We took Hank into a yard to play and discovered he absolutely loved the Jolly Ball.

Because of his fascination with the Jolly Ball, we decided to pitch in and buy him one that he will take home when adopted.

Hank was so cooperative and seemed to enjoy posing for my camera. He seemed to know we were trying to help him get adopted to his just-right home.

Here Hank is in action!

As exuberant as Hank is, he also can settle and relax. Here he was in Mary’s Place after our playtime.

Linda gave him a little training session and he did great.

Hank is a wonderful dog and will give the right family so much joy and love. If you can give this youngster the time, patience, exercise, and training he needs, fill out the Adoption Questionnaire by clicking on his picture and then on the link Adopt Me found on this page:

You already know my friend, Copper. Now it’s my turn to shine!

Last week I featured Copper, a five-year-old hospice adoption who came to WHS with his friend Carbon, a seven-year old Lab/Pit Bull Terrier mix.

Carbon’s family surrendered both dogs because they felt they deserved more attention and exercise than the family could give them. Although the dogs are friends and play well together, they are not bonded and can be adopted separately.

Carbon is a bit shy at first meetings, but once he feels comfortable, he becomes an affectionate 70-pound lap dog. He has lived happily with children, other dogs, and even cats. Intake staff reported that “Carbon was loose and wiggly. He is treat-motivated and vocal. He does well with medical handling.”

Carbon’s former family told us lots about this sweet boy. “If Carbon sees people, he wants to go play, and will run out to greet them. If a stranger comes in the house, Carbon will bark, but listens well and stops when asked to. Carbon is a lover. He wants to be on the couch with you, snuggling. Carbon pulls on the leash some on a walk, but is still very owner-oriented. He will stay by his owner.” He is crate-trained.

The first Sunday I met Carbon, he was uneasy and nervous, having just arrived at the shelter. However, this Sunday, he was much more relaxed. Marianne was quite smitten with him.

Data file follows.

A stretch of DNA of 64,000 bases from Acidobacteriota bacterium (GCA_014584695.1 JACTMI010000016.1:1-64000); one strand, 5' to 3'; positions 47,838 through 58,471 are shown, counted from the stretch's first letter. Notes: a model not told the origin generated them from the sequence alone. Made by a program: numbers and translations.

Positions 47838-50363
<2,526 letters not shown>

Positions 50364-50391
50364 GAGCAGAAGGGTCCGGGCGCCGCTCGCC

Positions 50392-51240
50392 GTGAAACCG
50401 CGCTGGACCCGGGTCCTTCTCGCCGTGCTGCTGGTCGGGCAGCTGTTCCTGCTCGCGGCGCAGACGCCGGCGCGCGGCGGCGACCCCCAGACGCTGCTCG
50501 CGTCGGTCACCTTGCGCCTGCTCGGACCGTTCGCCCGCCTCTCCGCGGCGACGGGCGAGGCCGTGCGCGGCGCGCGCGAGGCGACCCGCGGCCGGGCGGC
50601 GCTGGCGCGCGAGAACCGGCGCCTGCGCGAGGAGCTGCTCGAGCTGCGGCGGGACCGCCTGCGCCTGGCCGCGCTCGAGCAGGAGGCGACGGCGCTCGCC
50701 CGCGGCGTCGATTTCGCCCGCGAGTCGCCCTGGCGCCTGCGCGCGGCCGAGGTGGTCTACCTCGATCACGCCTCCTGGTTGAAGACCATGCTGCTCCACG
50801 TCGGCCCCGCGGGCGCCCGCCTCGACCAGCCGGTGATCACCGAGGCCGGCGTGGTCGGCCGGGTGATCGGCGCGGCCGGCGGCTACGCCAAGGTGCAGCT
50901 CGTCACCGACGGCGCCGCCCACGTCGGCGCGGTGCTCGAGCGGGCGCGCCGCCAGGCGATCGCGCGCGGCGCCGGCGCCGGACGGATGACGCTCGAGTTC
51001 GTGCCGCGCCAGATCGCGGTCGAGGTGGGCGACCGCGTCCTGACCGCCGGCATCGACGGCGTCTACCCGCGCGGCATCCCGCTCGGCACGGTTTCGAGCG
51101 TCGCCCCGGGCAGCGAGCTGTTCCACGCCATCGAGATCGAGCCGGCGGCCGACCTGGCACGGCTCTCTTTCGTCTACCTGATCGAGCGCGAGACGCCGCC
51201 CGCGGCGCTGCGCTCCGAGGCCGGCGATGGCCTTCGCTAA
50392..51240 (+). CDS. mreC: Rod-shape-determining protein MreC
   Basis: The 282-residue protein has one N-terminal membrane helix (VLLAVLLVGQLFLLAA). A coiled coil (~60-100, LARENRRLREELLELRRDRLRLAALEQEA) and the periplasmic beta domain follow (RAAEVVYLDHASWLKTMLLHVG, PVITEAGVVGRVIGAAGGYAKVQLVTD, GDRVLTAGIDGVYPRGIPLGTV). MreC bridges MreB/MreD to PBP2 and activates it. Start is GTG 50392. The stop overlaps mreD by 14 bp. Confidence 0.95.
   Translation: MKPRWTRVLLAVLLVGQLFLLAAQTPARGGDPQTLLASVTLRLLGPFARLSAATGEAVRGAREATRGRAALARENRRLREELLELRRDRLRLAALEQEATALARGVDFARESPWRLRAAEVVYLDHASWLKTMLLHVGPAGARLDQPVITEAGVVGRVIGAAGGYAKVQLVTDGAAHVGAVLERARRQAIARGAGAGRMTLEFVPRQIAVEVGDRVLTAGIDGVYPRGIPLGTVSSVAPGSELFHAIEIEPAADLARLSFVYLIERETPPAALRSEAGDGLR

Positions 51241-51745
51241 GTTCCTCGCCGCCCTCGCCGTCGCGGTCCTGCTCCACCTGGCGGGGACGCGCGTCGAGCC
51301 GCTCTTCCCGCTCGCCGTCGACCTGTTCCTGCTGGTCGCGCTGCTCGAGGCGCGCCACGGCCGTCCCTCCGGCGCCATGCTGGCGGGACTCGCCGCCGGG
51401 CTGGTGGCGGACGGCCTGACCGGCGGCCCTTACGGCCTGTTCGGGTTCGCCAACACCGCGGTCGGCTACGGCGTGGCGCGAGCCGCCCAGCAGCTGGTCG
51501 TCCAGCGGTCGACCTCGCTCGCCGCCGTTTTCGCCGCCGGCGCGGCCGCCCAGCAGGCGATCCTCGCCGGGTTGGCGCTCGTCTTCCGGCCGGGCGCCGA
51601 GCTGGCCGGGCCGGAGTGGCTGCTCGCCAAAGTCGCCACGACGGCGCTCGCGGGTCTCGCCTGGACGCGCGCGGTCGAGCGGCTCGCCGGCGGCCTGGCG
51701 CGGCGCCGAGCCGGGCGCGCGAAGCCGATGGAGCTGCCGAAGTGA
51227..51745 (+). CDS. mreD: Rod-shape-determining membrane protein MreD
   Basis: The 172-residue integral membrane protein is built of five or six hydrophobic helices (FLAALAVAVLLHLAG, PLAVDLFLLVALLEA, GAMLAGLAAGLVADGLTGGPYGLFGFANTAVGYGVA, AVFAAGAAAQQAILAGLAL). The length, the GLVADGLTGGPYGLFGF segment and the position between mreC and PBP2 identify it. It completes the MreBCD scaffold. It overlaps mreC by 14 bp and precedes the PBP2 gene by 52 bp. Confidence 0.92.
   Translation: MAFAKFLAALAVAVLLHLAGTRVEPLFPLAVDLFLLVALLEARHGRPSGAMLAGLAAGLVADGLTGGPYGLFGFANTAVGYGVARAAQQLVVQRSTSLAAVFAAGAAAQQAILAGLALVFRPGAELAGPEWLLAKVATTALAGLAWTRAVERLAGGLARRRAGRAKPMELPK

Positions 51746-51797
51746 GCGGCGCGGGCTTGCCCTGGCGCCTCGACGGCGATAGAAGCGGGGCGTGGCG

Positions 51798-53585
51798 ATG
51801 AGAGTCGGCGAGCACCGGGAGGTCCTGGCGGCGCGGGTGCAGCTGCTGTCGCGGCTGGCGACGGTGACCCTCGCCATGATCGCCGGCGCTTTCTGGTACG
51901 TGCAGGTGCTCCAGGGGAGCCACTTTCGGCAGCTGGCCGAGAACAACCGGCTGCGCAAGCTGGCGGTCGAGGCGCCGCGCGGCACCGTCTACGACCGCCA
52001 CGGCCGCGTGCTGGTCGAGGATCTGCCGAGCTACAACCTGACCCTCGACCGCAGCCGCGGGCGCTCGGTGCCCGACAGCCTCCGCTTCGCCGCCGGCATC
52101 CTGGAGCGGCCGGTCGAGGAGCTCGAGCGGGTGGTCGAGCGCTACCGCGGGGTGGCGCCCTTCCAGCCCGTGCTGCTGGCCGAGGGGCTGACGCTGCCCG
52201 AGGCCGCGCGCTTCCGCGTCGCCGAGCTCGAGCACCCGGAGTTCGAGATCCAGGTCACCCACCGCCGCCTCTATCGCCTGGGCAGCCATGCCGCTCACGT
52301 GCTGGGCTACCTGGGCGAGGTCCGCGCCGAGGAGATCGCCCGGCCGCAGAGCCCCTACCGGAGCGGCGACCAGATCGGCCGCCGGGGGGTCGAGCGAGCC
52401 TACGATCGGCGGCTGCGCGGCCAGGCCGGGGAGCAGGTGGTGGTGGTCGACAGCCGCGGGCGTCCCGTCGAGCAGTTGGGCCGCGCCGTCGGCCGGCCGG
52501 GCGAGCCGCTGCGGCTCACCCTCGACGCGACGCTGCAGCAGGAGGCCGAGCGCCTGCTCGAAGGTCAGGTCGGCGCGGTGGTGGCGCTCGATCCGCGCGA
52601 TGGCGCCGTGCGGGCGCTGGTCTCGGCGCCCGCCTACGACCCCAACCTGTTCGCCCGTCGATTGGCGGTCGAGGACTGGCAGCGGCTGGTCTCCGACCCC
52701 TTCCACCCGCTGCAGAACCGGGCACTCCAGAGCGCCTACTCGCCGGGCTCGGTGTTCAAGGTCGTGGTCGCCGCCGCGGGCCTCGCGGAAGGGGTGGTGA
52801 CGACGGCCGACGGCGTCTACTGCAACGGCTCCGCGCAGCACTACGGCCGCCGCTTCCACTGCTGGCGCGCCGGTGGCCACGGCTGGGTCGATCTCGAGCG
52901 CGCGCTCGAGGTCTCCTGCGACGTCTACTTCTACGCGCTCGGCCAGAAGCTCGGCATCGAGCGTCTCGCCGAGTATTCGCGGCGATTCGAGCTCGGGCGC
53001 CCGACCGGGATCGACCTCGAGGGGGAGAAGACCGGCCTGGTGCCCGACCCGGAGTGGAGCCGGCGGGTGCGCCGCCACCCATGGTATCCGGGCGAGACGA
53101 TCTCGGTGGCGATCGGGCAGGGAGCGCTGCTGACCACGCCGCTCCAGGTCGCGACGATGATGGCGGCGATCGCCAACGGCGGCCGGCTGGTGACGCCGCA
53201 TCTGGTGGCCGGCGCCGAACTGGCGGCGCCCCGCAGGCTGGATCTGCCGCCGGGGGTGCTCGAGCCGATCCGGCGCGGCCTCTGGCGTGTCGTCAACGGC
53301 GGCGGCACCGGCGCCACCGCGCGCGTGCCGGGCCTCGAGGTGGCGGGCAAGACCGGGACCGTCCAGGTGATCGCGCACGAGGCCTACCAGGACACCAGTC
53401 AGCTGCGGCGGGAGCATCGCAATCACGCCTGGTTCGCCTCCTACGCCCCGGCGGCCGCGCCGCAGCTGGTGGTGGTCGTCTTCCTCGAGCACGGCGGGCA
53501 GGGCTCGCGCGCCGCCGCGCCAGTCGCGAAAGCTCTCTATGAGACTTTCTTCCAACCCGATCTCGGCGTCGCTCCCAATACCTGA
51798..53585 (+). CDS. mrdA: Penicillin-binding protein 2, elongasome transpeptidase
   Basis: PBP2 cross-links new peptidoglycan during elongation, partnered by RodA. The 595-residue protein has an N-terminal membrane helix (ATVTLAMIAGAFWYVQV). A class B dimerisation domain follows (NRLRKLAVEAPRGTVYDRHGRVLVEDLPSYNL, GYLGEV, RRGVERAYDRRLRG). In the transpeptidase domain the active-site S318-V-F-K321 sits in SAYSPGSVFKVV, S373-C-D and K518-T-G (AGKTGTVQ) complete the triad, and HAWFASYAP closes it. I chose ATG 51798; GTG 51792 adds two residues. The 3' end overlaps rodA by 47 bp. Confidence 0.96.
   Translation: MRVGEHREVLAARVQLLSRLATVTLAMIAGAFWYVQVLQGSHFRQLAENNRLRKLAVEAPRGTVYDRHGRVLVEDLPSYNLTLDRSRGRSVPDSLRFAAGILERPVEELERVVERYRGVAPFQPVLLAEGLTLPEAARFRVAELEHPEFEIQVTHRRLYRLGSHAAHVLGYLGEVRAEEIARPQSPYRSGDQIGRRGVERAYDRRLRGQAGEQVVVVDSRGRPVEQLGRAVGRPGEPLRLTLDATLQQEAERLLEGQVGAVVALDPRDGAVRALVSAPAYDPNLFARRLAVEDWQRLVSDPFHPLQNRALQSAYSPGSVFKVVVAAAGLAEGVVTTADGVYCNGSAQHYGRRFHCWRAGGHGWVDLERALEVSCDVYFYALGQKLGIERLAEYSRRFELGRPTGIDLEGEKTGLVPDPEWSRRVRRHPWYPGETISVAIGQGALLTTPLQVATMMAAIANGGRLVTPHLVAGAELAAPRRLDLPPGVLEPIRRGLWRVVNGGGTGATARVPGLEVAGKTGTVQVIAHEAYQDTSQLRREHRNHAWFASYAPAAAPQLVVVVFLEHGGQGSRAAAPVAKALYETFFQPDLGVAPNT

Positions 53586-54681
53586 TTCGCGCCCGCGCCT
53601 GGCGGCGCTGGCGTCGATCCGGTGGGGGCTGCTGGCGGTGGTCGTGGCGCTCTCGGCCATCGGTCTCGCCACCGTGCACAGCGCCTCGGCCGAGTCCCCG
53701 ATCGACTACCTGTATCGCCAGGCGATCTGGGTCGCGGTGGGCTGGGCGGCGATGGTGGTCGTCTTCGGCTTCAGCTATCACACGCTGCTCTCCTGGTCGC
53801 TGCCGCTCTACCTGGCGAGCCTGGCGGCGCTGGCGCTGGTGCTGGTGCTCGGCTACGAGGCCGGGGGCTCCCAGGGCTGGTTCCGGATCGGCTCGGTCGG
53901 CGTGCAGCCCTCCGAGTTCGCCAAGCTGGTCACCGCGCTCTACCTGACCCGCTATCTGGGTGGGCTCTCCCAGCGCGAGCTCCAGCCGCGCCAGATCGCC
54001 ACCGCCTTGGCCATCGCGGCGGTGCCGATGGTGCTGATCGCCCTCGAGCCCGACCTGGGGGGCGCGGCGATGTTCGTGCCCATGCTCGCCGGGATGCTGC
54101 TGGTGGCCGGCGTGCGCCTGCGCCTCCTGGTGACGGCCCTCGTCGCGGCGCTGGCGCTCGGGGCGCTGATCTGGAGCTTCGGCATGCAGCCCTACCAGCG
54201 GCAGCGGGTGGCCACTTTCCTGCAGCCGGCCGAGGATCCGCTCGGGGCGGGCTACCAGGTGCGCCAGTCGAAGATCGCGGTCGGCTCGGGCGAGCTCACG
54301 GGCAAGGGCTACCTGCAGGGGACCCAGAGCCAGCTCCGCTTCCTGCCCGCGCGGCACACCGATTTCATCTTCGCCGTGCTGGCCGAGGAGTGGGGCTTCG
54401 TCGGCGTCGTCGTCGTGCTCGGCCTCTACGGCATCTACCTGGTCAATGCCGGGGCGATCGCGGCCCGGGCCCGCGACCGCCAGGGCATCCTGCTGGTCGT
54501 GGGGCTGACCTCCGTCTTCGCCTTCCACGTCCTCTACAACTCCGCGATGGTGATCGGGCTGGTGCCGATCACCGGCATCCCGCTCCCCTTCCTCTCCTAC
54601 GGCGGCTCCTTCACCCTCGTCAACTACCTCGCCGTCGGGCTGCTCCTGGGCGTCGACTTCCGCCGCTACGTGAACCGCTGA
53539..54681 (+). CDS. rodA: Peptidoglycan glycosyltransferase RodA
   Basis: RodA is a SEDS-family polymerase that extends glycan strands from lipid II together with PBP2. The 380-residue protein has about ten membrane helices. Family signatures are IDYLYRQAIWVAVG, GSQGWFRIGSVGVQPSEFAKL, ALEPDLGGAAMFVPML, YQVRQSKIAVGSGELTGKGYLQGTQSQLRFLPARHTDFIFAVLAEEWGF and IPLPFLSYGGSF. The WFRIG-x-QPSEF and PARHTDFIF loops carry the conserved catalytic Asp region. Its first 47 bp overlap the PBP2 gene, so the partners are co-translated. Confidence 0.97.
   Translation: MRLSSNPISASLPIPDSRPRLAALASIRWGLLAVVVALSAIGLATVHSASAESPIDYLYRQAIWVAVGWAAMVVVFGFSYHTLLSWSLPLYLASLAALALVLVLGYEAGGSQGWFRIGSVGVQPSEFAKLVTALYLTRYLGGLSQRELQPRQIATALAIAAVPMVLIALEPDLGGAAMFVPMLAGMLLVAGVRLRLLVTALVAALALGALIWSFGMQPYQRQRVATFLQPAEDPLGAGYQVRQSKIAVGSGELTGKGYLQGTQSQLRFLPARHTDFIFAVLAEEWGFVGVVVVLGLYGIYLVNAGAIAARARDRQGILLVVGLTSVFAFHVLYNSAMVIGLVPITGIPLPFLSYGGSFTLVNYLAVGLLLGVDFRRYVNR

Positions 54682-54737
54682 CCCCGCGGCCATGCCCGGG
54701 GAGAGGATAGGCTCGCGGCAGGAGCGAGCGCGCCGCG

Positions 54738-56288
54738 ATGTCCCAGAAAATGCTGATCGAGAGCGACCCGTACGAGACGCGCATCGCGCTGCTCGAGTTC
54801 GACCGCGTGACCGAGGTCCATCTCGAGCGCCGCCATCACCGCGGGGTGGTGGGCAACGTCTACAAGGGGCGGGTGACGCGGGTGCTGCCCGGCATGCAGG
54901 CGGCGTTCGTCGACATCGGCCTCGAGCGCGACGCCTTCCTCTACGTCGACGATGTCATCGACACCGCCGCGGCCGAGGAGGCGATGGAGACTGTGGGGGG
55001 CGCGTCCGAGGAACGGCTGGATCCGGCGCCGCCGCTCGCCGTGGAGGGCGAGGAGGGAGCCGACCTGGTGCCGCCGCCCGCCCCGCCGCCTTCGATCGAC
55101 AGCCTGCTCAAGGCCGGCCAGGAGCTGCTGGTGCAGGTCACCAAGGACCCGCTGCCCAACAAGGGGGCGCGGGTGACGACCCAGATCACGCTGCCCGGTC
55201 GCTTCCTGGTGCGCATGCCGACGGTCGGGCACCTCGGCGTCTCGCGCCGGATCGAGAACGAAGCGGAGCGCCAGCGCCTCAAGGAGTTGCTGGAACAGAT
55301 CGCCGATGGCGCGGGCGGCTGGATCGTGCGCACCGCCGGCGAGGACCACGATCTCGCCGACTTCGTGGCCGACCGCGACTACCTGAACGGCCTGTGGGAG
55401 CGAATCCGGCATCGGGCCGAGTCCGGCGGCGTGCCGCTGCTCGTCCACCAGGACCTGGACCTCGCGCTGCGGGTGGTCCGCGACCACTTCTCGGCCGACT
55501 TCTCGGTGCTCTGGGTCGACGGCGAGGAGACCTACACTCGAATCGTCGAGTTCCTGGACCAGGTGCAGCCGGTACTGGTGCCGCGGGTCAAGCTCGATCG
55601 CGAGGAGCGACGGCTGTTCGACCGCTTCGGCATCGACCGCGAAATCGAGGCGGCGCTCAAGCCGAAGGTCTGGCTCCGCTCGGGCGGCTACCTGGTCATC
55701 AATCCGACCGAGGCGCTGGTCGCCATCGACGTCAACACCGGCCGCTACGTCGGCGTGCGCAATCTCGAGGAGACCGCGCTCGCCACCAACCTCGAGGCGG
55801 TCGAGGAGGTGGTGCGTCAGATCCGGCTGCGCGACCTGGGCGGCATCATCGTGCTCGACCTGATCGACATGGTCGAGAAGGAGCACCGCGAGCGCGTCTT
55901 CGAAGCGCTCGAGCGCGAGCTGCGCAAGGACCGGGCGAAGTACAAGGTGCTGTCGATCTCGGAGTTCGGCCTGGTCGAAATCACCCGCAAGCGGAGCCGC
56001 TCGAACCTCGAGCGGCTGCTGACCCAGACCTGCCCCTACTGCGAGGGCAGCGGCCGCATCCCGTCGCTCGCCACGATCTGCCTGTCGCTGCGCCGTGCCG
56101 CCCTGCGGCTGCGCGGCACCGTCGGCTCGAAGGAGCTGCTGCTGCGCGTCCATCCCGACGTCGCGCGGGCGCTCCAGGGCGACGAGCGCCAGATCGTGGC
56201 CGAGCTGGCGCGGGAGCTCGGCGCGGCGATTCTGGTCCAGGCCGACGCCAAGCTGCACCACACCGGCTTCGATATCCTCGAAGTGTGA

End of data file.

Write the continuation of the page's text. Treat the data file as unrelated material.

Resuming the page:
Carbon was delighted to go into Mary’s Place for some bonding time. He immediately jumped up on the couch to pose for me.

We decided to take Carbon and Copper out for a play date. We had a great time.

If Carbon sounds like the right dog to add to your family, fill out the Adoption Questionnaire by clicking on his picture and then on the link Adopt Me found on this page:


Moose is a one-year-old German Wirehaired Pointer mix who was found as a stray and brought to WHS on April 5th. When he arrived, he looked like he’d been on his own for a while. He had ear infections, his skin was irritated, his paw pads were tender, and he was very thin. But none of that affected his happy-go-lucky, friendly spirit. And now Moose is hoping that his new family will find him soon. I featured Moose in my April 20th post, thinking he’d be adopted very quickly. But that hasn’t been the case.

This week Nichole, one of our Behavior and Training Instructors wrote this: “Our Animal Behavior college student took these photos of Moose just relaxing in the grass after a long training session.” We’re hoping fresh pictures will help to get this boy adopted.

To read all about Moose, click on his April 20 feature here. If you are interested in adopting Moose, fill out the Adoption Questionnaire by clicking on his picture and then on the link Adopt Me found on this page:

That’s it for this week.

All of the dogs I have featured today, along with other terrific dogs waiting to be adopted, can be found at Willamette Humane Society. Here is the link to the adoptable-dog page:

As always, my thanks to my photo team, Marianne, Linda, and Megan, and to WHS Behavior and Training Instructor, Nichole. Also a special thanks to volunteer Roxanne, who took the snoring video.

Remember, if you see a dog on my blog whom you are interested in meeting, try to make arrangements to get to the Willamette Humane Society soon. Some dogs are adopted more quickly than you might think.